Been reading Karen Barad’s “Meeting the Universe Halfway: Quantum Physics and the Entanglement of Matter and Meaning”. It’s been a return home of sorts, like relaxing in the comfy chair after a long hike in the wilderness. Her chapter on agential realism elegantly articulates the inter-relationality of the universe, asserting the reality of matter (including us) as a constant state of becoming. There’s a fitting resonance between agential realism and the Vedic practice of transcendental meditation. It's a riveting time to be engaged in the arts with so much convergence happening between traditionally disparate fields of enquiry.
From a photographic perspective agential realism repositions our obsession with the object of our attention, through the lens at least, and brings into the conversation the myriad of materialities which influence how we do what we do. That is to say the intentionality of our expression, the equipment we choose, the conditions surrounding the event, how we engage with the object, the environment we place ourselves in and how we choose to exhibit the work. Expanding our view of what a photograph is and focussing on what governs the making of it in an agential sense renders our isolated obsession with the object immaterial. As it relates to practice the object of attention is no longer just what the lens is seeing, or what consciously prompted us to click the shutter.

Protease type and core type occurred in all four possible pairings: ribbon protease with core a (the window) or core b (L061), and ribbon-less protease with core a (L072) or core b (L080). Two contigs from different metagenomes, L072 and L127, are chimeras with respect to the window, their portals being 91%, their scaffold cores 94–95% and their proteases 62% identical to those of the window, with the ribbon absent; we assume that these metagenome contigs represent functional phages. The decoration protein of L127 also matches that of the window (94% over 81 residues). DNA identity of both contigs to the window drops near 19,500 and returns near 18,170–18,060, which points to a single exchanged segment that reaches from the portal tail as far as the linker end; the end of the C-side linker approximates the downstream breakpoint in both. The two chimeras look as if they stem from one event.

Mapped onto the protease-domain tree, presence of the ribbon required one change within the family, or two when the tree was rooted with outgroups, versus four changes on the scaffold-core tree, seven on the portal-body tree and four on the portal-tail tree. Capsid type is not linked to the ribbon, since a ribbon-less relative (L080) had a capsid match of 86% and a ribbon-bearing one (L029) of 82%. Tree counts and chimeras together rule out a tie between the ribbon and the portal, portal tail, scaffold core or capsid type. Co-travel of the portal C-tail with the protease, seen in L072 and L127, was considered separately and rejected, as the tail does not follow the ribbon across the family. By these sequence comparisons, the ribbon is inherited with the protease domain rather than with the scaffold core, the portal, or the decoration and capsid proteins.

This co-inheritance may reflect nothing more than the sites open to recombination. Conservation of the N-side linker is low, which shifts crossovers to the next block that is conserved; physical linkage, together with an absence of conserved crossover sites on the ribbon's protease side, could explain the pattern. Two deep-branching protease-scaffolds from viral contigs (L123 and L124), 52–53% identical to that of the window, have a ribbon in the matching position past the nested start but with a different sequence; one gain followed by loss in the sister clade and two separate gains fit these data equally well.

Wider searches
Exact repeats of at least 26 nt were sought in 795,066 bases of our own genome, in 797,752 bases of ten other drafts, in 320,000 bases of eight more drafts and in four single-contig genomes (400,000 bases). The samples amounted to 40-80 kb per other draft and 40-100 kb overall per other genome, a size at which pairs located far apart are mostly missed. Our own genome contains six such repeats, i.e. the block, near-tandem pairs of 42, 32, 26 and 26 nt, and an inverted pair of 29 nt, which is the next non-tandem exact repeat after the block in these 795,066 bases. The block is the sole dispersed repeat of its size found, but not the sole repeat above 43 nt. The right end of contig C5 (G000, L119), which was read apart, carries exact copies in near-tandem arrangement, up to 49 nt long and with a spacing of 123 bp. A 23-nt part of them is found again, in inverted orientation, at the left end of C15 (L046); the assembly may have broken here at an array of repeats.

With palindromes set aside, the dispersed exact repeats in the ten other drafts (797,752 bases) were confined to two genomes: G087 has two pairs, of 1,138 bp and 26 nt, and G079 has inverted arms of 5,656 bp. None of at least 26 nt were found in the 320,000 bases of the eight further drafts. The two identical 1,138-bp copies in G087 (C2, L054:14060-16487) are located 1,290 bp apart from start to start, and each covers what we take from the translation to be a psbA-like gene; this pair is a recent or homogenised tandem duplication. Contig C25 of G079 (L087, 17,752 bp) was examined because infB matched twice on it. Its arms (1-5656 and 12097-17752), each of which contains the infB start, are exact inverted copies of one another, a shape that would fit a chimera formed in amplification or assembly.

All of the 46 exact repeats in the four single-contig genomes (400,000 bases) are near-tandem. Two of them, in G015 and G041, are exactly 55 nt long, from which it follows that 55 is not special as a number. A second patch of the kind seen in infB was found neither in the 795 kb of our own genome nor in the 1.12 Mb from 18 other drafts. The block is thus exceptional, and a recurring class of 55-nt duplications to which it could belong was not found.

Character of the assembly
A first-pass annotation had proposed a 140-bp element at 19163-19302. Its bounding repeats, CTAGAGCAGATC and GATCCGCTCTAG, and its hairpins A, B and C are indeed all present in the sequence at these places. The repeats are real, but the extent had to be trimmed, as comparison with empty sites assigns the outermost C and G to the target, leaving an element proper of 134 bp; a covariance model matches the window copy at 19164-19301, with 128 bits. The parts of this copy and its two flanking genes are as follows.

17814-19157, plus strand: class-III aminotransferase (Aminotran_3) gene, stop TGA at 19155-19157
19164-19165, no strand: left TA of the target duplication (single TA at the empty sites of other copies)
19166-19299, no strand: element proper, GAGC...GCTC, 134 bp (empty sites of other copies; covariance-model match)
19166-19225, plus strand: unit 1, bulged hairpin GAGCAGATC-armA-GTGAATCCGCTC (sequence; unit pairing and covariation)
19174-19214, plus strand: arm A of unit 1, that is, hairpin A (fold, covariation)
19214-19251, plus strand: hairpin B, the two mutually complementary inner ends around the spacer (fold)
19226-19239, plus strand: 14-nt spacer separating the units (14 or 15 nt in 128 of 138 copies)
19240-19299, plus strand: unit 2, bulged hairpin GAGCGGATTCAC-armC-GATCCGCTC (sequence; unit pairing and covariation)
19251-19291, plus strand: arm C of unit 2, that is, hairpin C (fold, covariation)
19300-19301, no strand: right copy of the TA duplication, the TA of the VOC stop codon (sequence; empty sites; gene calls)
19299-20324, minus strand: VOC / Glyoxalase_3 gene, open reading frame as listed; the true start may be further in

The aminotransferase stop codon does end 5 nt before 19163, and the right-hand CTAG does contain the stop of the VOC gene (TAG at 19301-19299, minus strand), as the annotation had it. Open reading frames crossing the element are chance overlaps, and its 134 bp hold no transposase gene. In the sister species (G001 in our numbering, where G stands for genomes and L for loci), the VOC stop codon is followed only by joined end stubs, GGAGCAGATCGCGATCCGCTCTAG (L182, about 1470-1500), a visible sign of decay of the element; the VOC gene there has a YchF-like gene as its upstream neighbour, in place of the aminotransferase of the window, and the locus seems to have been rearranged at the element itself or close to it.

Propositionally it also recalibrates our notion of the moment, often wedded to the click of the shutter or the moments of time around it. It’s as if the very mechanics of photography, which have been so for long used to define its unique attributes have overshadowed the very proposition of what photography is or what it can be and how we engage with it. With this in mind, It is suddenly an exciting time to be using a medium whose output so oversaturates our daily experience it has become almost invisible. There may still be a way to render something we've not considered before, ironically by subverting the very act of seeing.
Full credit to Michael Flomen’s Feeder pictured above. Michael has been working for over 20 years without a camera making large photograms and exposing negatives to the bioluminescence of nature. Check out his work at the Ricco Maresca Gallery.